IN THE MOUNTAINS OF FIRE
Dolores J. Nurss
Volume V: Sharing Insanity
Tuesday, December 1, 2708, continued
Having found Lufti where Kiril’s message said I would, I only carry the child a little ways before he insists that I let him down to crawl under a bush. “I couldn’t bury it before,” he says. “What you bury at a crossroads won’t stay put.” I hear him scratch out a little hole down there, and I hear the crackle of xylophane. “They taught me to dance, you know. I can dance better than Kanarik herself, better than the Lady of the Mast,” says the boy who can’t even walk.
A shiver runs down my spine at the smile he gives me when he crawls back out. He must have passed through withdrawal by now, to smile as often as he does; this isn’t something that the body can purge out anymore. Greenfire only lit the fuse to whatever already waited in his head, ready to explode.
I pick up my burden again and he nestles against my shoulder with a sigh of contentment; I wince at the weight against my bandages, but it really doesn’t amount to much. “After the war,” he confides, “Kiril and I will live where the stars don’t shine and the ghosts don’t dance, in a little house of chocolate-plastered coconut, with hollyhocks and oxen and no horses anywhere. And she will smell like baby-milk in a cozy tent but maybe we shouldn’t accept the gifts of the Good People, should we?”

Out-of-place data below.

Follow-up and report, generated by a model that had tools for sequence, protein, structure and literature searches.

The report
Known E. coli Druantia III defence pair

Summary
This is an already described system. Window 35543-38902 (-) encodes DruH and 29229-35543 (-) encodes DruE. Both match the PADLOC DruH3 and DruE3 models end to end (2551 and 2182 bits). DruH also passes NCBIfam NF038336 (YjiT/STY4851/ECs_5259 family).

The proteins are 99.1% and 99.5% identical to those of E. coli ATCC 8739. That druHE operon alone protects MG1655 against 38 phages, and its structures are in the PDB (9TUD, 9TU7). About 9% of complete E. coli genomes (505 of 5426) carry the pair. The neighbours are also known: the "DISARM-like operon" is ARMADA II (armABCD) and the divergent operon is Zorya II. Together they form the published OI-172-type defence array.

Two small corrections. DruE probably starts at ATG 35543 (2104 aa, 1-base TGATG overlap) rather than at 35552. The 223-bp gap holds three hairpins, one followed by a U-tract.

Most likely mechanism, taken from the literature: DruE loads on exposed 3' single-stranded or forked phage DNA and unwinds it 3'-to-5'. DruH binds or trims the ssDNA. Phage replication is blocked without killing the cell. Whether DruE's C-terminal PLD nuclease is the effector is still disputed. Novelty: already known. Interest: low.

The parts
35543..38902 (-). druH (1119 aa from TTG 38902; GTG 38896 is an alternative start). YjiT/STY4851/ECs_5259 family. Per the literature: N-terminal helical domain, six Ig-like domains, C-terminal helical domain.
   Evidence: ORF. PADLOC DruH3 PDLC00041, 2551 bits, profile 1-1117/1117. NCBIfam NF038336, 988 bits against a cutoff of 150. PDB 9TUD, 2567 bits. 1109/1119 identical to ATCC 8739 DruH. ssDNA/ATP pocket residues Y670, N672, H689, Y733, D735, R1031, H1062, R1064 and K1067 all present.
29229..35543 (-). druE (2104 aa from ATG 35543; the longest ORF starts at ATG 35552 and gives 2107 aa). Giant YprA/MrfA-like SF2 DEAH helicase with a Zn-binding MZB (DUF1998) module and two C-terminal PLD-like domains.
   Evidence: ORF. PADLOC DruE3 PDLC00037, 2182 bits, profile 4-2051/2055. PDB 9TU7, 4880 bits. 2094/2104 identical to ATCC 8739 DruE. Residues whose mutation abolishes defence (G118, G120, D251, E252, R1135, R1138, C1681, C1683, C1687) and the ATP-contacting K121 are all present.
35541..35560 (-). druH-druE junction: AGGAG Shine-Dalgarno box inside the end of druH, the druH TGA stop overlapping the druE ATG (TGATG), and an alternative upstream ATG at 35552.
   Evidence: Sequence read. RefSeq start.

* * *
(“…And she will smell like baby-milk in a cozy tent, but maybe we shouldn’t accept the gifts of the Good People, should we?” Jake? Jake! I hear the words clear out in the hall, shouting in that higher-than-usual voice that he falls into sometimes when he’s totally lost it. “A robe. It turned into a robe, easily divided and as easily brought together, and all the sacrificial goats bleated their approval, even as they cowered.”
I run into the library, and glimpse him through the many gaps in the bookcases, yet Jake runs right behind me, so who’s that up ahead?
“George,” Jake murmurs as though in answer to my thoughts. “The boy’s lost his mind.” We run past the bookshelves and find him standing on a table, batting away something invisible above him, and his eyes look dark, so dark.
Aaron runs up, grabs my arm and cries, “Tell me what to do! I can’t get through to him, tell me what to do!”
“Stars, stars everywhere,” says the boy on the table. “Do you think the ghosts have sent them? But I only did what he wanted.” He looks Jake in the eye and asks, “Tell me, is he my enemy or my friend?” Not waiting for an answer, he leaps from table to table, snatching at the air.
“Come down right now!” Aaron pleads. “The teachers will hear you!”
“Mothers—it’s all about the mothers, but we mustn’t say the word.” George presses a finger to his lips and smiles slyly. “Shhhhhh!” he hisses. “He thought himself such a good boy, but she learned that she didn’t want pleased after all, so she danced up, up, into the sky, courting the stars to answer the fire that burned inside her. We must all learn to dance with the dead!” And with that he leaps to the windowsill but Jake lunges for him before he can jump out.